It somehow seems the acme of marketing craziness, fueled by consumer paranoia, that there are now companies paying other companies good money to test and certify that their food products contain no GMOs.
Thus we’re treated to products such as salt, bottled water, and a host of other food/beverage items with labels proclaiming them to be non-GMO, when there’s no way under the sun they could be genetically modified in the first place.
While the anti-GMO groups continue their fear-mongering tactics to keep contributions rolling in, many mainstream media are pointing to the absurdity of the whole thing. Among them is Forbes, a news magazine/website that caters to the business/investment sector, which has had a number of articles and opinion pieces in support of genetically modified crops.
In a recent article, “GMOs: Trust the science, not the food fad,” Robert Wager a Vancouver Island biology professor whose research focuses on genetically engineered crop technology with an emphasis on public education, and Terry Daynard, who farms near Guelph, Ontario, Canada, and is a former executive vice president of the Ontario Corn Producers Association, cite the irony surrounding the issue.
“Other than it somehow involves DNA, surveys how most people have little idea what is a genetically modified organism,” the authors note. But nonetheless, polls say consumers are concerned “about any food containing DNA (virtually all food).”
This has led, they write, to organizations and companies “seeing opportunity in providing profitable lab services” to test for even the minutest amount of GM ingredients. Even though there may be no detectable DNA in highly processed ingredients, “this fact means little to the anti-GMO campaigners (because) there’s money to be made in certification and companies are eager to comply.”
Increasingly, the labels are appearing on food for which there is no GMO equivalent; for example, wheat and oat cereals (“There are no GM oats or wheat grown commercially anywhere in the world”).
But, “There’s money to be made in certification, and companies are eager to comply.” A non-GMO label can cost several thousand dollars per product.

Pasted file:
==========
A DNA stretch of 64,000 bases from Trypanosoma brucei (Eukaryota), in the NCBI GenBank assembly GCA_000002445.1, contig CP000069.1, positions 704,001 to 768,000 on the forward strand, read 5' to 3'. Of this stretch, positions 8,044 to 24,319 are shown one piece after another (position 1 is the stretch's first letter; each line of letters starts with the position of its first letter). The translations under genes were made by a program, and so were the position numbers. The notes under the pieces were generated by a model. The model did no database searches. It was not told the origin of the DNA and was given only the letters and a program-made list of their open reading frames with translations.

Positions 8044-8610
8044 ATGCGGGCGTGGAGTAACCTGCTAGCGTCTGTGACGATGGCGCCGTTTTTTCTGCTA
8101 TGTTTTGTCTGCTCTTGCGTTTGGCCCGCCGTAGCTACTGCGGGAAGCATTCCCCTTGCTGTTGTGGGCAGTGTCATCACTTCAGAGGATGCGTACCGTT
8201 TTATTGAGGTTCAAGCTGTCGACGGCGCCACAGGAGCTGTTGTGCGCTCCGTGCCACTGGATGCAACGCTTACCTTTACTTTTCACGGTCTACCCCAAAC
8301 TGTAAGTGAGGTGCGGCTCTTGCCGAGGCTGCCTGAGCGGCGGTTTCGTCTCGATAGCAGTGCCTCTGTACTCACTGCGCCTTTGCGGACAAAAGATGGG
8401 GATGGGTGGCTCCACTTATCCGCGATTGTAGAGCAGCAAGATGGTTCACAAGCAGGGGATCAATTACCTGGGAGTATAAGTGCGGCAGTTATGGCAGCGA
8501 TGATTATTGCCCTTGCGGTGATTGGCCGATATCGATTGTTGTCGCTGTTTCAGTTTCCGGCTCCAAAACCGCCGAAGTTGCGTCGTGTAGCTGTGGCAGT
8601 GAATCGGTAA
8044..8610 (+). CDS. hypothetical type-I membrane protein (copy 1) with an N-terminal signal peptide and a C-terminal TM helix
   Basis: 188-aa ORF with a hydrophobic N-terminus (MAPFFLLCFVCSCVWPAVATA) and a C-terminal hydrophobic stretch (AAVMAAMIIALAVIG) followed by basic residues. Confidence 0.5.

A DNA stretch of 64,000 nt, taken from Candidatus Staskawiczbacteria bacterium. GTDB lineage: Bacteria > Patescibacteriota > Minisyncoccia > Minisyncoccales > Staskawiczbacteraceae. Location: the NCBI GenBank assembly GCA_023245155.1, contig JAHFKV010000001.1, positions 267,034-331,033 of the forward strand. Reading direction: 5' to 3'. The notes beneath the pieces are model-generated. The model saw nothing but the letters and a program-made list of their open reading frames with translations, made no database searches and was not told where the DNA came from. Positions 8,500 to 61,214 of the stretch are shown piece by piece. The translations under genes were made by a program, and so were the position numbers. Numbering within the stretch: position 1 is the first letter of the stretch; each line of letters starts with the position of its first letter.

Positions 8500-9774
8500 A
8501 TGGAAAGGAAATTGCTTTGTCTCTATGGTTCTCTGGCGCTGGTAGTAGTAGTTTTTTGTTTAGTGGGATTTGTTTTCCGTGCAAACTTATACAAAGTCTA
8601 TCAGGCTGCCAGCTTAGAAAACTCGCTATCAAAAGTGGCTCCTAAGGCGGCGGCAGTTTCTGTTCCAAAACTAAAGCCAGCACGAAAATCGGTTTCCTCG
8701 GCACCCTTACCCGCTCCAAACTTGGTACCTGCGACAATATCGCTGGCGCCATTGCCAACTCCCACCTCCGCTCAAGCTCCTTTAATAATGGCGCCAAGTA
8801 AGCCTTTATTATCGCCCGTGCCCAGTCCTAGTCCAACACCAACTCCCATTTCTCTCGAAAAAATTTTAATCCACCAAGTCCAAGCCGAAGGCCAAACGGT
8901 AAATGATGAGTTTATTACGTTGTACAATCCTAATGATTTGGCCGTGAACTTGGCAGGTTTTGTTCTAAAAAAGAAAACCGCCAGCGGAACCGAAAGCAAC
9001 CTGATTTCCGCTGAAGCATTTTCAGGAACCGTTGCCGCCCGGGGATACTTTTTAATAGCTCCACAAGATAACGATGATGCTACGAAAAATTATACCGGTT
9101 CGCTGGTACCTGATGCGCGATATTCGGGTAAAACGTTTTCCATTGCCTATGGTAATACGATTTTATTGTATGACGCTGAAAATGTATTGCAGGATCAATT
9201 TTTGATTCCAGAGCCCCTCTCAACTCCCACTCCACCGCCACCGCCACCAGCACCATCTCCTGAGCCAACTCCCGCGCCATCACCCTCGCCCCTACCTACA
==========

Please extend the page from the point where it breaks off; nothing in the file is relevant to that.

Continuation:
This has had an impact on the price of ingredients; an example they cite is regular avocado oil selling for $1.47 per 100 ml, while non-GMO certified avocado oil is $5.40 per 100 ml in the same store. “There are no GM avocados grown anywhere,” they point out.
There seems little slowdown in the trend of labeling products with non-GMO labels, the authors say, regardless of whether there is a genetically modified counterpart. This continues because, first, “the public does not know what GMO means, and they are regularly exposed to negative stories about them,” and second, “there are food marketers eager to make money on this. By using the public unease, marketers can convince some in the public to look for non-GMO-labeled products.
“The winner in all this is corporate profits. The losers are consumers, who are convinced to pay more for expensive and sometimes nutritionally inferior food products based on unsubstantiated fear generated by anti-GMO marketing campaigns.”
Rather than focusing on identifying GMOs, the authors suggest, “Maybe it’s most important that consumers understand what non-GMO labeling means. For many products, it simply means more profits for the corporation. For us personally, we’re not buying.”
(Read the article at http://bit.ly/2bPwav3)